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By  Bianca Frew 2 January 2024 5 min read

Key points

  • Ten years of tracking members’ food and activity habits revealed some interesting insights into Australians’ diet and exercise preferences.
  • We found Aussies really like green and gold: preferring the green option of outdoor walking and eating a lot of golden bananas.
  • The diet's popular healthy chocolate brownie recipe exemplifies a balance of indulgence and nutrition.

We have a big birthday this year – the CSIRO Total Wellbeing Diet online turns 10! Cue the cake cutting, or the chocolate brownies in our case (but more on that later).

Happy birthday us!

Do you know what scientists like more than cake? Data!

As you can imagine, ten years of tracking members’ food and activity habits has revealed some interesting insights into Australians’ eating and exercise preferences.

Over the past 10 years, our members have tracked eating more than 960,000 bananas. This is more than double the number of avocados eaten, our runner up in the top tracked foods. And really, it’s no wonder that bananas were the favourite food. They really pack a punch when it comes to health benefits.

We have a big birthday this year – the CSIRO Total Wellbeing Diet online turns 10! ©  Unsplash

A tasty ‘golden’ ticket to good health

Firstly, bananas are a potassium powerhouse. This essential mineral is like a superhero for your heart. It helps to counteract sodium (salt) to regulate your blood pressure and keep your ticker in top-notch condition. Just one banana can provide around 400 mg of potassium.

But that's not all – bananas are also a fantastic source of vitamins, particularly vitamin C and vitamin B6. Vitamin C is a powerful antioxidant that supports your immune system and helps your body absorb iron.  Vitamin B6 is crucial for brain development and function.

Need an energy boost without the crash? Bananas are nature's energy bars, thanks to their natural sugars (glucose, fructose, and sucrose) and a healthy dose of fibre. This combo makes them a fantastic choice for a quick pick-me-up that won't leave you reaching for the biscuit tin an hour later.

Bananas are nature's energy bars, thanks to their natural sugars. ©  Adobe Stock

Walking the talk

What about movement, you say. Our members did a lot of that over the last decade too. Swimming, golfing, and dancing were among the go-to ways to get heart rates up. But when it comes to exercise, the clear winner for the last 10 years was walking outdoors. Our members clocked over 22 million minutes of walking out in the fresh air!

There's a lot more to walking than just getting from point A to point B. This is especially true when you take those steps outside and let nature join the conversation (or song).

First and foremost, let's talk about the physical perks. Walking is a low-impact exercise that doesn’t require membership fees to get started. It's heart-friendly, reducing the risk of heart disease and improving cardiovascular health. The fresh air and vitamin D from the sun are bonuses that boost the immune system, too. Just don’t forget to slip, slop, slap, and slide. Always be sun safe!

So, if you’re looking for a place to start with exercise, lace up those shoes, conduct a sun safety check then hit the pavement.

Who knows, you might even find that your inner radio tuning on to: "I would walk 500 miles, and I would walk 500 more, just to be the one who walks a thousand miles to fall down at your healthy, happy door!"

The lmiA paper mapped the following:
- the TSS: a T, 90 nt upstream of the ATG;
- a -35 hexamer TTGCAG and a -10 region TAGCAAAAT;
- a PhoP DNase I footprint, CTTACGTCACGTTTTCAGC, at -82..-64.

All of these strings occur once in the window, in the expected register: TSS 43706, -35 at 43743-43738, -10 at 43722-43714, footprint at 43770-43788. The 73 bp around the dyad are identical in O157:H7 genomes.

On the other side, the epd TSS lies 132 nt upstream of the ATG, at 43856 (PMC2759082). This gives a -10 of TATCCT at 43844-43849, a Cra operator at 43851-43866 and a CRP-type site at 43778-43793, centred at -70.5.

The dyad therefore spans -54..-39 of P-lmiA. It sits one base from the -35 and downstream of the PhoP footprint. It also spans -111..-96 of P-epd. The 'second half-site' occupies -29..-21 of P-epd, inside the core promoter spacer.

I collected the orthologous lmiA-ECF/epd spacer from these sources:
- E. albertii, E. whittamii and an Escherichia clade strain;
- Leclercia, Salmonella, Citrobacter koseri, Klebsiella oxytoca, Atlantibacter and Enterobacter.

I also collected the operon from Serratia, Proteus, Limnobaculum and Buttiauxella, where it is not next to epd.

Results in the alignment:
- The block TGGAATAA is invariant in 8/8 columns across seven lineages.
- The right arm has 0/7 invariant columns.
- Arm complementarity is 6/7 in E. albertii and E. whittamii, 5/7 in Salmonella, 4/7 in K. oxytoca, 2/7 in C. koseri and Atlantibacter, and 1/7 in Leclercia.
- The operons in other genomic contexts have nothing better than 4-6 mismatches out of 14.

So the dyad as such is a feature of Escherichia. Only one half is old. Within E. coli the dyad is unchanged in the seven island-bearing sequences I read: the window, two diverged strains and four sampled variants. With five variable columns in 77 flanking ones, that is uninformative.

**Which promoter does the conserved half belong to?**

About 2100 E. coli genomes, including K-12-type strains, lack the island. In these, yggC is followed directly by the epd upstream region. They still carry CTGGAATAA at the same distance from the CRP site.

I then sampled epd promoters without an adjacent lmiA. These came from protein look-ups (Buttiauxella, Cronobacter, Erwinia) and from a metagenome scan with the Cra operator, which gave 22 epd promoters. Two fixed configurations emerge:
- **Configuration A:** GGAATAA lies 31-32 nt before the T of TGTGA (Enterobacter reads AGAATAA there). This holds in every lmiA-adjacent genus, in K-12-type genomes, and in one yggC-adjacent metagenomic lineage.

Black bean and dark chocolate brownies

Finally, let’s not forget about the brownies. One of our most popular recipes is our healthy chocolate brownies. They’re chock full of fibre and all the more delicious for it.

Don’t just take our word for it – why not whip up a batch to try yourself?


Serves 6 | Prep: 10 mins | Cook: 20 mins

  • 400 grams canned, no added salt black beans
  • 80 grams rolled oats 90 grams dark chocolate chips (reserve 30 grams to top)
  • 1 extra-large egg
  • 3 tablespoons extra virgin olive oil
  • 125ml (1/2 cup) low fat milk
  • ¼ cup cocoa powder
  • 2 tablespoons brown sugar
  • 2 teaspoons vanilla bean extract
  • 1 teaspoon baking powder
  • A pinch of sea salt

TIP: You will need almost 2 x 400g cans of black beans, drained, to yield 400 grams of black beans for this recipe


  • Preheat a fan forced oven to 180°C.
  • In a food processor or blender, process the oats into some flour. Place to one side.
  • Combine the black beans and olive oil in the food processor or blender, and process until it forms a paste. You shouldn’t have any chunks or whole beans left, as this will effect the consistency of the brownie.
  • Return the oat flour to the food processor, along with the bean paste, baking powder, sea salt, cocoa powder, brown sugar, egg and vanilla extract. Process, slowly pouring the milk in until it forms a batter.
  • Meanwhile, create a double boiler by placing a glass bowl over a saucepan with a little water in it. Heat over a medium-high flame until the water is boiling. Add 60 g dark chocolate to the bowl and stir regularly until it is melted. Once melted, slowly pour the chocolate into the batter and mix through.
  • Pour into a 20 cm x 20 cm square baking tray (or similar) lined with baking paper. Top with the remaining 30 g of dark chocolate chips.
  • Bake for 20 to 25 minutes or until cooked through. Leave to cool before slicing into six even portions.

Nutritional facts per serve

CSIRO has licensed the CSIRO Total Wellbeing Diet to Digital Wellness for the development and management of the Total Wellbeing Diet online program, in collaboration with the Glycemic Index Foundation.

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